• \$\begingroup\$ You will only have error during the (supposedly) short phases while your object is moving : if this still is a big deal, then that's not a viable option. But you won't have any long-term error buildup since you can reset the imu during immobility phases. \$\endgroup\$ – Nicolas D Jul 10 '15 at 7:24
  • \$\begingroup\$ How do I know I won't accident ally reset it during moving phase? \$\endgroup\$ – user8363 Jul 10 '15 at 7:25

Triangulation MAYBE could be done by placing three low power emitters (check the allowable frequencies for indoor transmission) on the perimeter of the area, each one of them emitting at a different frequency. Place three receivers (or one tunable receiver) on the moving device.

On the mobile device rectify and smoothen the desired signal, amplify it by a fixed amount, measure amplitude, and you have it. I think RFID do a similar thing to power themselves, you should be able to use the same principle to measure the strength of the received signal. Since signals get weaker with the distance, you may be able to get a good estimate of the position.

Obviously transmission can be intermittent, according to your power/movement requirements. If you synchronise them, you may need only a single frequency.


For a range of upto 3 meters, you may investigate the PKE solution. The systems involves a low frequency transmitter which sends a beacon and a receiver which receives and sends back the RSSI to the LF transmitter over RF (has to be battery operated, low power). The accuracy will be accurate upto a sub ten cm's for ideal tests. Just one idea I have seen working..


Presumably a chair has room for some electronics. This leads me to suggest you use ultrasonic/radio triangulation methods. By having a signal ping from the chair at 0.5s intervals then receive it with 2 or more devices on the edge of the area.

An old electronic whiteboard system called "eBeam" used that to turn any smooth surface into a USB whiteboard of up to 5m x 5m. The pens lasted for weeks of daily use on a CR2032, so on a bunch of AA or even D batteries...

You can get a differential distance from two known locations and do some trigonometry to expand that information into a quite accurate position. If you get a differential distance from three points you can do that even easier.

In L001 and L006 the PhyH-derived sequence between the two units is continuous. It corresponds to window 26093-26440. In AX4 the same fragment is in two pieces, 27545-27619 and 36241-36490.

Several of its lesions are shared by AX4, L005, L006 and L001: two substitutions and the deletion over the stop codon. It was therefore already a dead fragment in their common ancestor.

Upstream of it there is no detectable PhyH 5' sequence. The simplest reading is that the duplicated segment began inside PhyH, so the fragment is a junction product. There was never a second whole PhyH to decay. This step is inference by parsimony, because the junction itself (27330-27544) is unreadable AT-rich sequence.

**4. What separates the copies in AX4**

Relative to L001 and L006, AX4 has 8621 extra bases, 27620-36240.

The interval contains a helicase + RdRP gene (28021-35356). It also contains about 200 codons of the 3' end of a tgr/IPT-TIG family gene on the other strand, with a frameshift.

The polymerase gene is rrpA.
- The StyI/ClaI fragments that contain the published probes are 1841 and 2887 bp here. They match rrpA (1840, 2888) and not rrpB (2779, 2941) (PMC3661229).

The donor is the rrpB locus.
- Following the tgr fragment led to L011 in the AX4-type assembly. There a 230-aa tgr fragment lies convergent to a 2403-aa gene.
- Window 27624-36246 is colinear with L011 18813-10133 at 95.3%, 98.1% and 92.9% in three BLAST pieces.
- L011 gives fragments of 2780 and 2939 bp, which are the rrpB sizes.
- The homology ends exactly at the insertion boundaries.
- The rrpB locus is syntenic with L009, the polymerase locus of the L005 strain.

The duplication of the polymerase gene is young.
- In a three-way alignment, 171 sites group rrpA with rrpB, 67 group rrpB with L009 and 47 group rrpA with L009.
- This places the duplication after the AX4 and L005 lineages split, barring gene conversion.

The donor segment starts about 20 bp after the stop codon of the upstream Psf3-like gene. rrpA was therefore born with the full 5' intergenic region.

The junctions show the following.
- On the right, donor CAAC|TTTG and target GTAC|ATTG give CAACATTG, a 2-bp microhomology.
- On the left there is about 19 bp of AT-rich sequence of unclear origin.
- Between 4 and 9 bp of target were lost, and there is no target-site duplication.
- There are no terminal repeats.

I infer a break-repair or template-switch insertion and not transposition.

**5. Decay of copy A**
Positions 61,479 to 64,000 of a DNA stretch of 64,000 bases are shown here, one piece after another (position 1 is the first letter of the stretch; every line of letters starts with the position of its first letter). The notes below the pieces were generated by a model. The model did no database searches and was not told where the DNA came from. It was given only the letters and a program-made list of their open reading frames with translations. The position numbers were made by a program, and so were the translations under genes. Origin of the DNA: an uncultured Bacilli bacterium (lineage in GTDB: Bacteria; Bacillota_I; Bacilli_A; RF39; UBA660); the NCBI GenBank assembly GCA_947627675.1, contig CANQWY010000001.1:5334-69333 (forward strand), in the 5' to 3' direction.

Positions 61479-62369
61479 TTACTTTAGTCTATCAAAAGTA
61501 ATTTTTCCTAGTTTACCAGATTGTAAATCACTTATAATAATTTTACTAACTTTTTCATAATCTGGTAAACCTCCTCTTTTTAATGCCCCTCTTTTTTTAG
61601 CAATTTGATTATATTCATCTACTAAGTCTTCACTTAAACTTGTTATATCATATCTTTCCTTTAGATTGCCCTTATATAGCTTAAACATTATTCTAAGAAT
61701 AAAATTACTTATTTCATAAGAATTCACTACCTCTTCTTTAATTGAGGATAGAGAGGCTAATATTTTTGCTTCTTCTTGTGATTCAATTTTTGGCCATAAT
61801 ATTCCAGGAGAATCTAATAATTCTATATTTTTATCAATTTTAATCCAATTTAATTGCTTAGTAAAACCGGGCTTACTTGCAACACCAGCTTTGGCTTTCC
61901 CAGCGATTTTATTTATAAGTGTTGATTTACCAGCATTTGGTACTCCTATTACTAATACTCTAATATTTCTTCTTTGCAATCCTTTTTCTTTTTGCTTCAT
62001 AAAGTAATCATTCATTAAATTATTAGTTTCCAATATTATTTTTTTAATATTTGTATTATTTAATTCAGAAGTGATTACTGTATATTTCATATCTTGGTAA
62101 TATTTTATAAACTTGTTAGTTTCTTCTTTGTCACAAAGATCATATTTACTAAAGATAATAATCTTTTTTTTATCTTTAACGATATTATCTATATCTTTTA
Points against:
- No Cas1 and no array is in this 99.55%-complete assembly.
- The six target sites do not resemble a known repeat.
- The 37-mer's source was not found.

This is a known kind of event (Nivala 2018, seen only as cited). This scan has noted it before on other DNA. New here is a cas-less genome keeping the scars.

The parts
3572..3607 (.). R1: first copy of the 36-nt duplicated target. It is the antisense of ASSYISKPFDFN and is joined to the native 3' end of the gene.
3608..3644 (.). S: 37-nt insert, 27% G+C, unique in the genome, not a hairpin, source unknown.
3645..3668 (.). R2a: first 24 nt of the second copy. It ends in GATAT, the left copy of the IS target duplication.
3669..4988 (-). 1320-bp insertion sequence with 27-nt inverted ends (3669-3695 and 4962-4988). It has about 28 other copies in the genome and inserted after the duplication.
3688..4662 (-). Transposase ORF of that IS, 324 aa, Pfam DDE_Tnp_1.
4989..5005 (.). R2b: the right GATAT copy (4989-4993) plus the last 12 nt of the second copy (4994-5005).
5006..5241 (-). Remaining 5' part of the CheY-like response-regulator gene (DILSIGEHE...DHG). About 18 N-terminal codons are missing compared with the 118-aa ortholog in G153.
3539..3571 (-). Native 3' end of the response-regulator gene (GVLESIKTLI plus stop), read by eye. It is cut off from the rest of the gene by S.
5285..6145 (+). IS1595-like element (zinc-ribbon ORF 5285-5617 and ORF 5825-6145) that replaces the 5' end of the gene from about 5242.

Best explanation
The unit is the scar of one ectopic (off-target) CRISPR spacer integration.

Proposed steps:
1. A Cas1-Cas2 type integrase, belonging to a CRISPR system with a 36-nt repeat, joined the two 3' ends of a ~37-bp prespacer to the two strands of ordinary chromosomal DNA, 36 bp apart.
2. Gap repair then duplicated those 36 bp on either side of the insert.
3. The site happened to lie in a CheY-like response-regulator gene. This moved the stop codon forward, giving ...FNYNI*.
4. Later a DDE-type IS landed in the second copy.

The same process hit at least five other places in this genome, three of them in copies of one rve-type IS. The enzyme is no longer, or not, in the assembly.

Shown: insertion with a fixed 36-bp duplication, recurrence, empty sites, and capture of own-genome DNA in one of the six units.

By keeping a counter in the message that you pulse out you can determine if the signal differences you measure are on the same package and you could even add anti-echo schemes if the room is very echo-y, so you don't get skewing. By pulsing every 0.5s or 1s, as long as there's not a party going on with people packed into the room, some of the packets should arrive on all sensors within 20 ~ 30 seconds. Probably much sooner. If you want you can do it the GPS way and use many more receivers and just use the ones that get the same package to do the maths, ignoring the ones that are obscured at that time.

Of course, since the speed of sound is still pretty high, your counter probably only has to be 1 or 2 bit to be able to fully exclude wrong packages and echoes and such. May not even need a counter, actually.

You can also do this at such low average power that some crazy power harvesting scheme could keep some rechargeable battery under the chair full enough to use for very long times, but... couple of AA would then also cut it.

Another option is RFID-type triangulation, where the chair has a RF-powered chip that communicates back by attenuating the signal. By receiving the attenuated signal at various points the timing difference can again be used for triangulation and you can do this with simple RFID tags or similar objects. Given sufficient intelligence in the implementation you can then also use the actual response part to compare, allowing you to use the same RFID system to track several tags.

This is much more complicated to build and get right, however, but it is already being done out there in the world.